Tag: sydney film festival

I Hope I’m Loud When I’m Dead

Beatrice Gibson

By Holly Isemonger — 9 August, 2019

We’re on a packed train on the London underground and Beatrice Gibson is having a panic attack. Her confessional voiceover is paired with images of destruction, global turmoil, family footage of kids playing, and domestic life. Through this kaleidoscopic collage of life in the 21st century, I Hope I’m Loud When I’m Dead (2018) asks:…

One Child Nation

Nanfu Wang &

Jialing Zhang

By Claire Cao — 5 July, 2019

The birth of Communist China heralded an explosion of life. Cocooned in the monumental shadows of the Gate of Heavenly Peace, Mao Zedong publicly avowed that a greater population meant greater power for his fledgling state. Like blood haemorrhaging from a cut, births increased—by the late ‘70s, China had a population of more than 900…

My Nudity Means Nothing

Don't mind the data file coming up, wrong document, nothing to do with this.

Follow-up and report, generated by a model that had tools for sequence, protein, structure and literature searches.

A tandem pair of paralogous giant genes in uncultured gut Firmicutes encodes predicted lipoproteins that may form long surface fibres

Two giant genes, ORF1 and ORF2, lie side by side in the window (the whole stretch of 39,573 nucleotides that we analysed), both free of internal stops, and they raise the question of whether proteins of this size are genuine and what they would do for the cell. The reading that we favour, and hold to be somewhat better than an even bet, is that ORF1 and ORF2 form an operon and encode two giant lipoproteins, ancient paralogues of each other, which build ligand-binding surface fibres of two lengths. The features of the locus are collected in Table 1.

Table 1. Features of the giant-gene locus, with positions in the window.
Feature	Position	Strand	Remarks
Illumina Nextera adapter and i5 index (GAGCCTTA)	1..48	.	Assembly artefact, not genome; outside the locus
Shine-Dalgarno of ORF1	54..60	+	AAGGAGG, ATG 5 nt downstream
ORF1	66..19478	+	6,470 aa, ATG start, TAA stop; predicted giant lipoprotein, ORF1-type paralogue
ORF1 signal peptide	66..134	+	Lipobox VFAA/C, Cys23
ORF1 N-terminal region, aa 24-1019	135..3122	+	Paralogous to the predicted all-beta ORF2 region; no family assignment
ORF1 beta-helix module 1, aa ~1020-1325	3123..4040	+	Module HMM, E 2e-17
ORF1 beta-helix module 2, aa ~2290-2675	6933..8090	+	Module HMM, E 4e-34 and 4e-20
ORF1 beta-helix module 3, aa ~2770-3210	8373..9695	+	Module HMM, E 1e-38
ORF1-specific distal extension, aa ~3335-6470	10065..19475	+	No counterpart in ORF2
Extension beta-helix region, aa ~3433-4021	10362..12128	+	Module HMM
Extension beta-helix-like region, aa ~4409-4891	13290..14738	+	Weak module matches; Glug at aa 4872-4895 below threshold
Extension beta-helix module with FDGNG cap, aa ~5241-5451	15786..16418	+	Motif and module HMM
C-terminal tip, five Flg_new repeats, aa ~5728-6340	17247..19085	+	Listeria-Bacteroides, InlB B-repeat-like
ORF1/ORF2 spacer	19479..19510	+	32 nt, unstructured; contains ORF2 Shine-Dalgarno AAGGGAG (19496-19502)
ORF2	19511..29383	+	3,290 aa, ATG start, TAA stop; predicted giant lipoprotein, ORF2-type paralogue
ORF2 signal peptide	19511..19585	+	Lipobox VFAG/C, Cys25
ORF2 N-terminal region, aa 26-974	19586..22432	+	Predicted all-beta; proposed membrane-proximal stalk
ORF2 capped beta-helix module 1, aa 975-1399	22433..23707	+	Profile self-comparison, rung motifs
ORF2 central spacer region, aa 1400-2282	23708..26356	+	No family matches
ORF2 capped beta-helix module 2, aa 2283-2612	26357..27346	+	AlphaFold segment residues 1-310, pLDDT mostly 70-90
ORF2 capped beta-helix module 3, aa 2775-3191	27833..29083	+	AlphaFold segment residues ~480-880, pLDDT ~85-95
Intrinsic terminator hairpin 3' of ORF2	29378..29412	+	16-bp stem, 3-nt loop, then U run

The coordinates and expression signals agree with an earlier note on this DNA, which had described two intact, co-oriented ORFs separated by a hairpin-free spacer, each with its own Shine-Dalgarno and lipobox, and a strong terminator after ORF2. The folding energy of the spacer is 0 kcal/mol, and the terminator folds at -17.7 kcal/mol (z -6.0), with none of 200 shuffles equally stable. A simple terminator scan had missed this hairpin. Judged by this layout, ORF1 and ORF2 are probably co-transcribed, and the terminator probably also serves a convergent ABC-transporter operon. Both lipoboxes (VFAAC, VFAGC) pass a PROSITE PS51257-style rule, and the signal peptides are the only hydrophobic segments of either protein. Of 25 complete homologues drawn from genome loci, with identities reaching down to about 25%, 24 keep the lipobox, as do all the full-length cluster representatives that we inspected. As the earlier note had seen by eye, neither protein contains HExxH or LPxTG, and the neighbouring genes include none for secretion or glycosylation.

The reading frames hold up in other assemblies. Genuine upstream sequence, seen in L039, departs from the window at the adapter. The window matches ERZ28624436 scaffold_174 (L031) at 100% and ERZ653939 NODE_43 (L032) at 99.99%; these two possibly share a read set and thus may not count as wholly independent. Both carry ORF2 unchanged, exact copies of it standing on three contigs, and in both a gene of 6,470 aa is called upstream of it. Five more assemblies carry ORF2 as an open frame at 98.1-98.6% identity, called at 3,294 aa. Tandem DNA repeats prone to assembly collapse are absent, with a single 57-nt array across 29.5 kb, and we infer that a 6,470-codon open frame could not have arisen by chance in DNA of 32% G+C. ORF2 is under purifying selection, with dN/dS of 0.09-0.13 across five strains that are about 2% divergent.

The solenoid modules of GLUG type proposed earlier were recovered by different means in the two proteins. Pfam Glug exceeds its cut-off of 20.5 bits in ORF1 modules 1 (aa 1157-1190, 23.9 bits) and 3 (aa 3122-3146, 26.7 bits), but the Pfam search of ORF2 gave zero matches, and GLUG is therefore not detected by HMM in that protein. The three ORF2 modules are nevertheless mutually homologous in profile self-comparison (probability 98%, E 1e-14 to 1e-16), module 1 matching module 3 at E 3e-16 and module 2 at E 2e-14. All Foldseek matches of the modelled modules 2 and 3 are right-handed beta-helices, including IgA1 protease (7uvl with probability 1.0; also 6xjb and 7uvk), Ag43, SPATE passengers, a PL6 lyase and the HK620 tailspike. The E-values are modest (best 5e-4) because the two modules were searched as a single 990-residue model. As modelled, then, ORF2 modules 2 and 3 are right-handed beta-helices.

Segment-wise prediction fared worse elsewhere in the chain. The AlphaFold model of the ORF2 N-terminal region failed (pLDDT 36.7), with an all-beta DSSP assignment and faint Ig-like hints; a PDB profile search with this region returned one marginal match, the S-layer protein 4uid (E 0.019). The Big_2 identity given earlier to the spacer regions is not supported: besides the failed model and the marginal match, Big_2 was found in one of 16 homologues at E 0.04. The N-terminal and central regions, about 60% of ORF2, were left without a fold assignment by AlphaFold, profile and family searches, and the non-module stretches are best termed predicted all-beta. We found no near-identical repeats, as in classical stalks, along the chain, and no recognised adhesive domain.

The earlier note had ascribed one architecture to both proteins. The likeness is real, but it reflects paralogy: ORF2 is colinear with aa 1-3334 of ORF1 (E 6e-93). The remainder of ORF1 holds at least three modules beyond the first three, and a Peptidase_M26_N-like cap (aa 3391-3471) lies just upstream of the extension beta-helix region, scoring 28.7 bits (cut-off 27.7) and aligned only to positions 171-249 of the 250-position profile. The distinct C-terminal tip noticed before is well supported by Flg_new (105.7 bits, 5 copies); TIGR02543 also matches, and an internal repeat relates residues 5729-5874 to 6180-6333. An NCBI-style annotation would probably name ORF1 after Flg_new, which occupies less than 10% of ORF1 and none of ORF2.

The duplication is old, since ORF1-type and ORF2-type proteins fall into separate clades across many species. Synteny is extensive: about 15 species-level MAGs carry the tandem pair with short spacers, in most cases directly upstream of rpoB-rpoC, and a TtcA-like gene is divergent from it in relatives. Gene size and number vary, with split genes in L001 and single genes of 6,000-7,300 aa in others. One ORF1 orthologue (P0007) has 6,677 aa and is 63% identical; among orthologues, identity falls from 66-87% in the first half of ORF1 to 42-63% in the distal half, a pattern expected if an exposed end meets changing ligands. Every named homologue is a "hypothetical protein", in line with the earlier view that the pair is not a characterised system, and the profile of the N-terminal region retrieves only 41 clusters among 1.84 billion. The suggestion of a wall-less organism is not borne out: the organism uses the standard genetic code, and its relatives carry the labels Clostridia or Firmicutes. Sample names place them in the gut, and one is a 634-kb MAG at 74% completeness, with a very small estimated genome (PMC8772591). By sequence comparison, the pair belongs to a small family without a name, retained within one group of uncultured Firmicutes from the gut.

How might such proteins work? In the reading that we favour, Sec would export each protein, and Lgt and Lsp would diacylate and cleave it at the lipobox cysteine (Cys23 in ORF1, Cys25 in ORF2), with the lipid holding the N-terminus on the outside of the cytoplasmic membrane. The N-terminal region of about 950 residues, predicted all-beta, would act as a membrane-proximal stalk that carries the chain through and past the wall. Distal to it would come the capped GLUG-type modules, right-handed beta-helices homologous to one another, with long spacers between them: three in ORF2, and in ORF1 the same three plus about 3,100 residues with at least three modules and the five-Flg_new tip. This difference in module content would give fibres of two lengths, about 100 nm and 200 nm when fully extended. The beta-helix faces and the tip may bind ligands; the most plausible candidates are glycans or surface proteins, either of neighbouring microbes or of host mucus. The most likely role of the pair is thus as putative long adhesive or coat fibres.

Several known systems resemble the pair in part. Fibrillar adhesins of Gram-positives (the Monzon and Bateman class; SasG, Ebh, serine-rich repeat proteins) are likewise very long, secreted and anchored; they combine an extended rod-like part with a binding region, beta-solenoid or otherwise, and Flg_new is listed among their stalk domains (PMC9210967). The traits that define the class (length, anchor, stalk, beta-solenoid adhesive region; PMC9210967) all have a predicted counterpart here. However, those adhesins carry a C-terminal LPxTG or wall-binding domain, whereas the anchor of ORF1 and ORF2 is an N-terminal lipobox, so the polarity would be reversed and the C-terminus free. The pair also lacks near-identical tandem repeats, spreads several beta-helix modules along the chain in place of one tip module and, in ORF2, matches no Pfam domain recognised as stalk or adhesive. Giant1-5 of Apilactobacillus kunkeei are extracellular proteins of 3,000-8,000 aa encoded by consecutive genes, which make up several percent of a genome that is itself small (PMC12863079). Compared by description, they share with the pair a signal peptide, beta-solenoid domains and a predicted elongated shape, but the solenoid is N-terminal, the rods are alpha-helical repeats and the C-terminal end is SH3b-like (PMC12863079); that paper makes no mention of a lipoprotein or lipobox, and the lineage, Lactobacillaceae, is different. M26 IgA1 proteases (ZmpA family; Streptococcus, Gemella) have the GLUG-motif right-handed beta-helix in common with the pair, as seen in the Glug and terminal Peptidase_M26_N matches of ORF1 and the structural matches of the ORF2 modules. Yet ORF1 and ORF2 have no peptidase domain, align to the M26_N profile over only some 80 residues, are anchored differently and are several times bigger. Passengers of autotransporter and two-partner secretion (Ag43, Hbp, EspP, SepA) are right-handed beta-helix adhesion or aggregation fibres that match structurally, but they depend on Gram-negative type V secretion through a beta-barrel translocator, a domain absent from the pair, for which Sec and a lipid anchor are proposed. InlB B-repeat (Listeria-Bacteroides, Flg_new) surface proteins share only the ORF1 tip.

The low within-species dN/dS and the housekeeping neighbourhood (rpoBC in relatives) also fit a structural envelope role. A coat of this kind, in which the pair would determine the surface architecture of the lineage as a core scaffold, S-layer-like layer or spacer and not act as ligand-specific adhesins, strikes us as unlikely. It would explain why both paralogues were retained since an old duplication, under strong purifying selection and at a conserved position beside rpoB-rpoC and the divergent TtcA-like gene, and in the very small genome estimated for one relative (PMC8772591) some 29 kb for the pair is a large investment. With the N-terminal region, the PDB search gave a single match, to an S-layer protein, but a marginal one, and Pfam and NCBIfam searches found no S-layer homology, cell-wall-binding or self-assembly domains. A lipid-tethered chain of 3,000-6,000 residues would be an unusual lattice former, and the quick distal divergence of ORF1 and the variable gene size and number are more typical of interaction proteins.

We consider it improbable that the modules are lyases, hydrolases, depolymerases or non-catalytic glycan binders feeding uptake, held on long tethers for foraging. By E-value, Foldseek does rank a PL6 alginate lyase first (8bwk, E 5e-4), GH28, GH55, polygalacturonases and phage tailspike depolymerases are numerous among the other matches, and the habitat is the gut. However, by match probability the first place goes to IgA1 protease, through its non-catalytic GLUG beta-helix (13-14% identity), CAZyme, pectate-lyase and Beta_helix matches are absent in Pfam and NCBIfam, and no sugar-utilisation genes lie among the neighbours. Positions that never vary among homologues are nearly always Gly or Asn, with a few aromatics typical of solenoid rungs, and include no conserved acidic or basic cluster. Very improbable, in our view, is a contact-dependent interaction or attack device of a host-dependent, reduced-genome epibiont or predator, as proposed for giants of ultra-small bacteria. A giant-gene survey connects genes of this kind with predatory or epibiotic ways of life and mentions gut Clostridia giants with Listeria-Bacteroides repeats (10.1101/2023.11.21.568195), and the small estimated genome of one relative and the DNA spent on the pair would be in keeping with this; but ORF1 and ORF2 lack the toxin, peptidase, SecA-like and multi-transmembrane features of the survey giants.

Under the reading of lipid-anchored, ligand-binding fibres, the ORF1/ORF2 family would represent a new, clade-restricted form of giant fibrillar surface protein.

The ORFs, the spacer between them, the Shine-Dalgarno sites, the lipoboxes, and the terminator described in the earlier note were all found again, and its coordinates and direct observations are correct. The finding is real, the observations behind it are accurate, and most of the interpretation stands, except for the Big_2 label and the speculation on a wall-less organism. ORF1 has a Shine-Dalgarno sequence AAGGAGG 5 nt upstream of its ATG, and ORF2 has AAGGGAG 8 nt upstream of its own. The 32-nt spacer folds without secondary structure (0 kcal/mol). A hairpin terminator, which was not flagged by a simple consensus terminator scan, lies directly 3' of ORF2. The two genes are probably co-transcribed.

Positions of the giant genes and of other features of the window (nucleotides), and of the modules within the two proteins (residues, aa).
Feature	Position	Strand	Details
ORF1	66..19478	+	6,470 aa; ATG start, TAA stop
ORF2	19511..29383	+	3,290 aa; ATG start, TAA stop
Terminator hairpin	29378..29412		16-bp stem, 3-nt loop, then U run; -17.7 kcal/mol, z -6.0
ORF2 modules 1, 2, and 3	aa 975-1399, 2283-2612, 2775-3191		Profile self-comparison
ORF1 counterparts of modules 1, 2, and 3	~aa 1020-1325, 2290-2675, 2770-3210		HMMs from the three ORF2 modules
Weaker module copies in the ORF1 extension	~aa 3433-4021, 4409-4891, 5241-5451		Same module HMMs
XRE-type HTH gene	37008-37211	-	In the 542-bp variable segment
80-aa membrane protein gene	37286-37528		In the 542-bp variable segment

Marina de Van

By Eloise Grills — 2 July, 2019

  In the pre-Jackie period, when I was on Tinder, my friend and I engaged in a contest to see how many people we could sleep with.     I only amassed four bedpost notches before I quit. I am a bad dater. I hate going out, sleeping in beds that aren’t mine.    …

Witkacy & Malinowski: a cinematic séance in 23 scenes

John Gillies

By Tyler Patterson — 11 June, 2019

On the first day of spring in 1914, a train tore through the Australian countryside en route to Toowoomba from Brisbane. Belching smoke and swallowing shovelful after shovelful of coal, it carried the anthropologist Bronislaw Malinowski, who was touring Australia with the British Association for the Advancement of Science Congress, and his childhood friend—the artist-playwright…

Terror Nullius

Soda_Jerk

By Lauren Carroll Harris — 25 May, 2018

Soda_Jerk are bomb-throwers. For more than fifteen years, the Australian, New-York-based collaborative unit have made an art practice out of cutting, collaging and appropriating—watching for the blind spots in the official narratives of culture, politics and history, fascinated less by what’s present than what’s omitted. Now, in their 55-minute video work, Terror Nullius (2018), they…